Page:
CHICAGO and ATLANTA, May 11, 2017 /PRNewswire/ -- The summer job market is upon us and with good news — companies are stepping up their summer hiring. Forty-one percent of employers plan to hire seasonal workers for the summer, a significant jump from 29 percent last year. Of those who are hiring summer workers, 34 percent are hiring a friend, 30 percent a family member and 19 percent their child.
The national survey was conducted online by Harris Poll on behalf of CareerBuilder between February 16 to March 9, 2017 and included representative samples of 2,587 full-time employers (of which 2,380 are in the private sector) and 3,420 full-time workers across industries and company sizes.
Not all summer jobs are temporary. A large majority of employers hiring this summer (79 percent) say they will consider some summer hires for permanent positions — up from 76 percent last year.
"Don't approach your summer position as if it's only a temporary job. From the start, find out what your responsibilities are, what is expected of you and how your job impacts the company's bottom line," said Rosemary Haefner, chief human resources officer at CareerBuilder. "You should view it as an extended job interview. This is an opportunity for the company to get to know you, to show them what you bring to their organization and to show how you can become a valuable asset."
A look at who's hiring this summer
Employers hiring seasonal workers this summer by company size:
- Companies with 50 or fewer employees — 28 percent are hiring summer workers, compared to 23 percent last year.
- Companies with 250 or fewer employees — 37 percent, compared to 27 percent last year.
- Companies with more than 500 employees — 45 percent, compared to 31 percent last year.
Employers hiring seasonal workers, comparing the ten most populous cities
Miami: 66 percent
New York: 58 percent
Los Angeles: 45 percent
Washington DC1: 46 percent
Chicago: 40 percent
Houston1: 38 percent
Boston: 33 percent
Dallas: 29 percent
Atlanta1: 28 percent
Philadelphia: 21 percent
Summer pay is heating up
More than 3 in 4 employers hiring for the summer (79 percent) will pay their summer hires or interns $10 or more per hour on average — up from 74 percent in 2016. One in 5 employers (19 percent) plan to pay $20 or more per hour.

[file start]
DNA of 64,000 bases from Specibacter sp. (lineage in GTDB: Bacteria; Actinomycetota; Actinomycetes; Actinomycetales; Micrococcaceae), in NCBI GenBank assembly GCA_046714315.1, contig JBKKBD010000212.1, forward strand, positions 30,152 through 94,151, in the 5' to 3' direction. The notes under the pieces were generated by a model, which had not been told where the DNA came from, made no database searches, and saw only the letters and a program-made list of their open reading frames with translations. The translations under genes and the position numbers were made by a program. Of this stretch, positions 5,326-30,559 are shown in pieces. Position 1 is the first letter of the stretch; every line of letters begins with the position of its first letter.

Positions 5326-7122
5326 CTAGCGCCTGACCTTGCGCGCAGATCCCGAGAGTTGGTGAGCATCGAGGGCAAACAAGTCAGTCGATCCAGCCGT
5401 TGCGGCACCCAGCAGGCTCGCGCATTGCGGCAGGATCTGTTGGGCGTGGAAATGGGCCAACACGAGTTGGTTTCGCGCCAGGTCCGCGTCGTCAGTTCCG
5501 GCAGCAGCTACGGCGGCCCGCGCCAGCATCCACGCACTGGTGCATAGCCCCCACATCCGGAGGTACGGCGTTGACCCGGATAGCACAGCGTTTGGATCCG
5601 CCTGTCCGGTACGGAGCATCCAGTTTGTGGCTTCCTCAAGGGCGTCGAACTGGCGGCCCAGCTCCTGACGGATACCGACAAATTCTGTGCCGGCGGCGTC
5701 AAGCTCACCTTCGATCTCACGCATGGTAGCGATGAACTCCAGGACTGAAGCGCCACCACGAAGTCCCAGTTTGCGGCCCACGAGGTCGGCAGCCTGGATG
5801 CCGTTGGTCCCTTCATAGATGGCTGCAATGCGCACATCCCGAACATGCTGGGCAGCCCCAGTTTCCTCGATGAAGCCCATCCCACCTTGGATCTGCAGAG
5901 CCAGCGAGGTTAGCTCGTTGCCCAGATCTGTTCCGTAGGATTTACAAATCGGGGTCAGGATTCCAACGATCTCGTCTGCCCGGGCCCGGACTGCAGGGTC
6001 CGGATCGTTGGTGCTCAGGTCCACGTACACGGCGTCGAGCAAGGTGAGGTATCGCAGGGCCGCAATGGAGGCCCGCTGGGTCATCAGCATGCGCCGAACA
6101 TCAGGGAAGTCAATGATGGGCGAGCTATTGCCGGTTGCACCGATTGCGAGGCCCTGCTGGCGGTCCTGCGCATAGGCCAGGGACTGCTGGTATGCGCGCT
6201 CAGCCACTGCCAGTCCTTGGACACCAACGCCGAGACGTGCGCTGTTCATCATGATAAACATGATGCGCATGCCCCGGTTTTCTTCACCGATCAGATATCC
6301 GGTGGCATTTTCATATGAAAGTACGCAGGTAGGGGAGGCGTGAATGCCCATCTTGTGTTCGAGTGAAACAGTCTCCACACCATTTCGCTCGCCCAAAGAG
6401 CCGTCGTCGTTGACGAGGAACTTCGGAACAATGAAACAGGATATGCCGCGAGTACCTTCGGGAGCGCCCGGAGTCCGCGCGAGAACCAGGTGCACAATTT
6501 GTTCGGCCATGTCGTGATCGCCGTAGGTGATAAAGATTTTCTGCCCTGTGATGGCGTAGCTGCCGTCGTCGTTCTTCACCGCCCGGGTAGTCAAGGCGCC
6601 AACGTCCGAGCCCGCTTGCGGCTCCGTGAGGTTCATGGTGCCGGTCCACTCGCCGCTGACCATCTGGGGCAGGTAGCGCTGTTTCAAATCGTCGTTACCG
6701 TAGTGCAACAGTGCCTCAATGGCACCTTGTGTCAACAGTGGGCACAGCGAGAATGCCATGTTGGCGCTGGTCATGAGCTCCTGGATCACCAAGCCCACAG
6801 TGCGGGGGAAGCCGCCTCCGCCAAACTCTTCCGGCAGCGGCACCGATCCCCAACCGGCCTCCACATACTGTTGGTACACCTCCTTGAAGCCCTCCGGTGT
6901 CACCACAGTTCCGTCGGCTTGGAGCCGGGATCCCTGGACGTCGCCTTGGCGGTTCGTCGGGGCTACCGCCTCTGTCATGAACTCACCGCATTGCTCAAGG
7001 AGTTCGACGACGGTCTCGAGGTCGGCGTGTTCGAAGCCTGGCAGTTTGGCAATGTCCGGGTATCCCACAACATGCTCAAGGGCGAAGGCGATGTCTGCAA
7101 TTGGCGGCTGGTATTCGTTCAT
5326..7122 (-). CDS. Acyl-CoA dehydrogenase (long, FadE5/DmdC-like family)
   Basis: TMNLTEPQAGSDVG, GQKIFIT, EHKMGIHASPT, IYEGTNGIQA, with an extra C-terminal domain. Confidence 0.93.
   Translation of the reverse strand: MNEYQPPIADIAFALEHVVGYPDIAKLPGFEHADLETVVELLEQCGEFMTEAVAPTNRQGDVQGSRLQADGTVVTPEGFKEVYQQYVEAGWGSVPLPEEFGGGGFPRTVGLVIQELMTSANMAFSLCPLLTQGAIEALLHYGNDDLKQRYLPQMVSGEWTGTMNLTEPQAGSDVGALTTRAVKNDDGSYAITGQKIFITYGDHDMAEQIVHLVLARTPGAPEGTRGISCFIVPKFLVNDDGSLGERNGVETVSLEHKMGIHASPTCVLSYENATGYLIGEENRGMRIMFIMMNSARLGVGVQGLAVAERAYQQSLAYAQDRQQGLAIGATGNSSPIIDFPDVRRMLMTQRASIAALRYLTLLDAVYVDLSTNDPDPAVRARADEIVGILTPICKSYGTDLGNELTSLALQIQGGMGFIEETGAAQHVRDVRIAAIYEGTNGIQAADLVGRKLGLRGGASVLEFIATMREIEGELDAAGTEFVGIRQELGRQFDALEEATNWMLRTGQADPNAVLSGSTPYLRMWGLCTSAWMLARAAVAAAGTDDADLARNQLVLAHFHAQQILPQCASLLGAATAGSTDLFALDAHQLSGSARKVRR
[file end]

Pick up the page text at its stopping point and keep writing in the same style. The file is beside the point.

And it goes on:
More than three-fourths of employers hiring for the summer (76 percent) plan to offer their seasonal workers pay increases if they work with their organization for more than one summer.
The types of jobs available
48% of hospitality employers and 34% of retailers said they will be adding summer jobs this year. Although summer jobs are commonly associated with these segments, employers across industries are hiring summer help for a variety of professional and support positions including:
- Information Technology
- Customer service
- Office Support
Most unusual summer jobs
While lots of people find work as lifeguards or camp counselors, many go off the beaten path to find their summer paychecks. When asked what is the most unusual summer job they have ever had, employees said:
- Being a theme park ride tester
- Wrangling alpacas
- Tagging turtles on a Florida beach
- Being a carnivore keeper at a big cat rescue center
- Getting bitten by mosquitos for pay
- Setting headstones onto grave sites
- Picking up cigarette butts at an arcade
- Delivering telegrams dressed as Groucho Marx
- Flipping college dorm rooms into hotel-like suites for a business conference
- Arranging butterflies to be sold to collectors
When is the right time to apply?
For job seekers hoping to secure a seasonal position, now is the time to get applications out the door. Thirty-four percent of employers hiring for the summer say they typically complete their hiring in May — 31 percent are already done (typically finish in April or before). Twenty percent finish in June, 9 percent in July and another 7 percent in August.
This survey was conducted online within the U.S. by Harris Poll on behalf of CareerBuilder among 2,587 hiring and human resource managers (employed full-time, not self-employed, including 2,380 in the private sector) and 3,420 employees (employed full-time, not self-employed) between February 16 and March 9, 2017 (percentages for some questions are based on a subset, based on their responses to certain questions). With pure probability samples of 2,587 and 3,420, one could say with a 95 percent probability that the overall results have sampling errors of +/- 1.93 and +/- 1.68 percentage points, respectively. Sampling error for data from sub-samples is higher and varies.
CareerBuilder is a global, end-to-end human capital solutions company focused on helping employers find, hire and manage great talent. Combining advertising, software and services, CareerBuilder leads the industry in recruiting solutions, employment screening and human capital management. It also operates top job sites around the world. Owned by TEGNA Inc. (NYSE: TGNA), Tribune Media (NYSE: TRCO) and McClatchy (NYSE: MNI), CareerBuilder and its subsidiaries operate in the United States, Europe, South America, Canada and Asia. For more information, visit www.careerbuilder.com.
1 Small base size (less than 100)